In the fall of tenth grade, many students choose to take the PSAT. These scores are
reported in percentiles relative to the national performance of college-bound juniors.
Percentile scores on the Quantitative Ability subtest of the CTP III were collected
for the graduating classes of 2000 through 2005. The participants in this study were
enrolled at GFS during eighth, ninth, and tenth grades. Students who did not take both
the eighth grade CTP III test and tenth grade PSAT were omitted from the study. For the
classes of 1999-2002, biology was offered in the ninth grade; for the classes of 2003-
2005, physics was offered. For the latter three classes, the few students who did not take
ninth-grade physics were omitted from the study. The CTP III data served as a baseline
to see if all six classes had comparable quantitative skills at the end of eighth grade.
After statistical analyses established that the six classes’ scores were comparable, I
analyzed these same students’ scores on their tenth grade PSATs. For the three classes
that did not have physics, I used statistical tests to determine whether these three classes
had comparable grades on the math portion of the PSAT. I then compared these data
with the PSAT performance of those members of the next three classes who had studied
physics to see if statistically different results were observed.
Table 1 shows students’ performance on the Quantitative Ability subtest of the
eighth grade CTP III test, and the sample size, for the six graduating classes of 2000 to
A chi-square test for the mean scores listed in Table 1 gives the results ? 2=0.107,
df = 5, and p < 0.005. This means that there is a greater than 99.5% likelihood that the
deviations that occur among the six years can be attributed to chance€
. Therefore, the
chi-square statistical test implies that it is highly probable that the observed fluctuations
among the six graduating classes are not unexpected and all six classes have similar
quantitative abilities at the end of eighth grade.
Between the eighth-to-tenth-grade experiences of the first three classes
(graduating in 2000-2002) and the latter three classes (graduating in 2003-2005), the
change from biology to physics was the only significant change in the curriculum or
The average percentile performance of each class, during its sophomore year, on
the quantitative portion of the PSAT is listed in Table 2.
A chi-square test for the PSAT scores between 2000-2002 resulted in ? 2=0.203,
df = 2, and p = 0.90. This implies that there is a 90% chance that the variations in the
scores during this time period are explained by chance. Therefore, the graduating classes
of 2000, 2001, and 2002 can be viewed as having similar quantitative skills during the
fall of tenth grade.
The scores from the classes of 2000-2002 were combined together to establish a
larger data set of students’ performances on the PSATs prior to the placement of physics
in the freshmen year. These values were compared with the data collected for each year
after the change in the science curriculum. The aggregate percentile performance of the
pre-inversion classes and each post-inversion class is noted in Table 3. A two-sample t-
test related the pre-inversion and post-inversion sets, and the results are listed in Table 4.
Table 4 shows that for the class of 2003, the results are significant at the p < 0.1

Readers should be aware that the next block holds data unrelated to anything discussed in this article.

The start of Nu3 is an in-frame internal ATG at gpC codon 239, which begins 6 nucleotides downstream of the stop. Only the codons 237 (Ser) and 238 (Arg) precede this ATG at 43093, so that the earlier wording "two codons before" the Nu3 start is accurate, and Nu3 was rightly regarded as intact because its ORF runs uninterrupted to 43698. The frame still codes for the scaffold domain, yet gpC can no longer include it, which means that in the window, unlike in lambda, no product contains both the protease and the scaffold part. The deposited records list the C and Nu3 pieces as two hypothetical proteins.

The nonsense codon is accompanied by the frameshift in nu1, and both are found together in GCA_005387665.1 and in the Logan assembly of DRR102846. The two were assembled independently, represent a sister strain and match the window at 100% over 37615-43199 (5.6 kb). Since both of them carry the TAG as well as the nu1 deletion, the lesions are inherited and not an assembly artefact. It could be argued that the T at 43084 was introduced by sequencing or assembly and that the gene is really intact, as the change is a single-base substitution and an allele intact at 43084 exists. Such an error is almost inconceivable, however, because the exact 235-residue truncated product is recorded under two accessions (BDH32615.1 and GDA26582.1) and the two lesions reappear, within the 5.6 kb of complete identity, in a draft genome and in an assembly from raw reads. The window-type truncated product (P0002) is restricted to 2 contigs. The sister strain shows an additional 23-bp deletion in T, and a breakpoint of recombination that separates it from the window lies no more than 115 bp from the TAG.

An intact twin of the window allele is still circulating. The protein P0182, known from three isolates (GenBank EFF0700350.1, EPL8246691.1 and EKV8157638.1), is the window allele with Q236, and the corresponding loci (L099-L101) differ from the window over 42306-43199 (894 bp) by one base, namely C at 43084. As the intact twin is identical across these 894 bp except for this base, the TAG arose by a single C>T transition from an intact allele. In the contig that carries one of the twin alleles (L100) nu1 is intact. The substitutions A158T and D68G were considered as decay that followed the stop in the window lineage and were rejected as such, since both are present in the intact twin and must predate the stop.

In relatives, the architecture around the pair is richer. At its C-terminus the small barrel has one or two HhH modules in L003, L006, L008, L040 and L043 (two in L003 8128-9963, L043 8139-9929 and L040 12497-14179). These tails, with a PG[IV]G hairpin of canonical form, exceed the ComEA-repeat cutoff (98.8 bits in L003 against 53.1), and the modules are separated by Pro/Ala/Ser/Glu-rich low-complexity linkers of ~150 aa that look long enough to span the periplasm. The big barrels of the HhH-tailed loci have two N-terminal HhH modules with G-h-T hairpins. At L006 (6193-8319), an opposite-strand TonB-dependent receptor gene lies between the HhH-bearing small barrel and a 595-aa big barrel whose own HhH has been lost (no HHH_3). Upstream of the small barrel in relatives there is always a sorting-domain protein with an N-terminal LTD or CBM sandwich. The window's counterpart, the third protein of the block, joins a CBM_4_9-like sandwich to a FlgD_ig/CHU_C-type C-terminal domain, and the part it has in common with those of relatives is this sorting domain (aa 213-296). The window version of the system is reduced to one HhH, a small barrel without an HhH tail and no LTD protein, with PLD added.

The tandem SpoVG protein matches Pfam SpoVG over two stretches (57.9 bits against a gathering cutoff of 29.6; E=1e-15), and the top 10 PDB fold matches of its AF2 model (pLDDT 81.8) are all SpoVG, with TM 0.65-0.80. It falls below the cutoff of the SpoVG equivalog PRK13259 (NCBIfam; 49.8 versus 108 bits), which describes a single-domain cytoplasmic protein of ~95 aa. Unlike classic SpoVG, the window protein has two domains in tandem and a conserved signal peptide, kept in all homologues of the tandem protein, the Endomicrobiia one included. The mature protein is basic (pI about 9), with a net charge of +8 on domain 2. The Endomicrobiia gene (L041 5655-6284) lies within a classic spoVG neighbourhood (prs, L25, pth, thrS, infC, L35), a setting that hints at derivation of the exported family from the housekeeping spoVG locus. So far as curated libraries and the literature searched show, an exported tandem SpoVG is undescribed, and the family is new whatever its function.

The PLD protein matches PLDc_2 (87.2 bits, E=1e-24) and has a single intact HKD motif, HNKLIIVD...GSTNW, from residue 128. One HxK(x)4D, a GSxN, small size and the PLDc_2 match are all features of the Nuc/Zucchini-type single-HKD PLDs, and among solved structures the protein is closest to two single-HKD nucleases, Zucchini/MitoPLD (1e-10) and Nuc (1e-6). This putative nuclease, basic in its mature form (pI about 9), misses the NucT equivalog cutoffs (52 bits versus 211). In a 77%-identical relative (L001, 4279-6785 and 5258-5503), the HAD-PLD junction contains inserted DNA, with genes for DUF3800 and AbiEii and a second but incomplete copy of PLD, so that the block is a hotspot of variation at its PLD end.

level and the data for the classes of 2004 and 2005 are significant at the p < 0.005 level.
This means that there is a less than 10% chance that the increase observed for the class of
2003 relative to the pre-inversion classes occurred by chance. Similarly, there is less than
a 0.5% chance that the increase noted for the classes of 2004 and 2005 relative to the pre-
inversion years was a result of chance. This data indicates a strong association between
physics in the freshmen year and improved test scores on the mathematics’ portion of the
PSATs for students at Germantown Friends School.
SUMMARY AND DISCUSSION
For the six-year span of this study, all of the eighth-grade classes had comparable
quantitative abilities as measured on the standardized test. Before ninth-grade physics
was introduced, students’ scores on the math portion of the PSAT in tenth grade
remained relatively constant from year-to-year. Placing physics in the ninth grade
curriculum coincided with an observed improvement in the mean performance on the
math section of the PSAT. It is highly likely that chance does not account for this
improvement. The improvement was less marked for the first class to take physics (class
of 2003) than for the next two classes (classes of 2004 and 2005). This could be
associated with who taught the course and how, since the teachers were not the same for
all three of these years.
Although this paper discusses a circumscribed study consisting of a small sample
at a specific school, it is important because despite all the discussions and papers
regarding ‘physics first’ I have been unable to find any quantitative studies that analyze
the effects of teaching physics in the ninth grade. This paper does not definitively prove
that the physics course is solely responsible for raising students’ performance on
standardized assessments of quantitative ability, but this change in performance has a
strong correlation with the curricular changes made in our science sequence.
I would like to thank Ken Ford for his help, support and encouragement with this paper.
Additionally, I want to thank Suzanne Levin Weinberg, Chin-Tang Liu, Olga Livanis,
Leon M. Lederman and Denise Koehnke for their contributions to this paper and project.
I also want to thank Germantown Friends School and the many members of that
institution who enabled me to use its resources for this study.
Table 1: Performance of each grade on quantitative portion of the CTP III test
Year of Senior Graduation
Mean CTP III
Sample Size (n)
Table 2: Performance of each grade on mathematics’ portion of the PSAT
Year of Senior Graduation
Sample Size (n)
Table 3: PSAT performance of pre-inversion classes and each post-inversion class
Year of Senior Graduation
Sample Size (n)
Table 4: T-test results comparing post-inversion PSAT scores for each class with pre-
Year of Senior
Degrees of freedom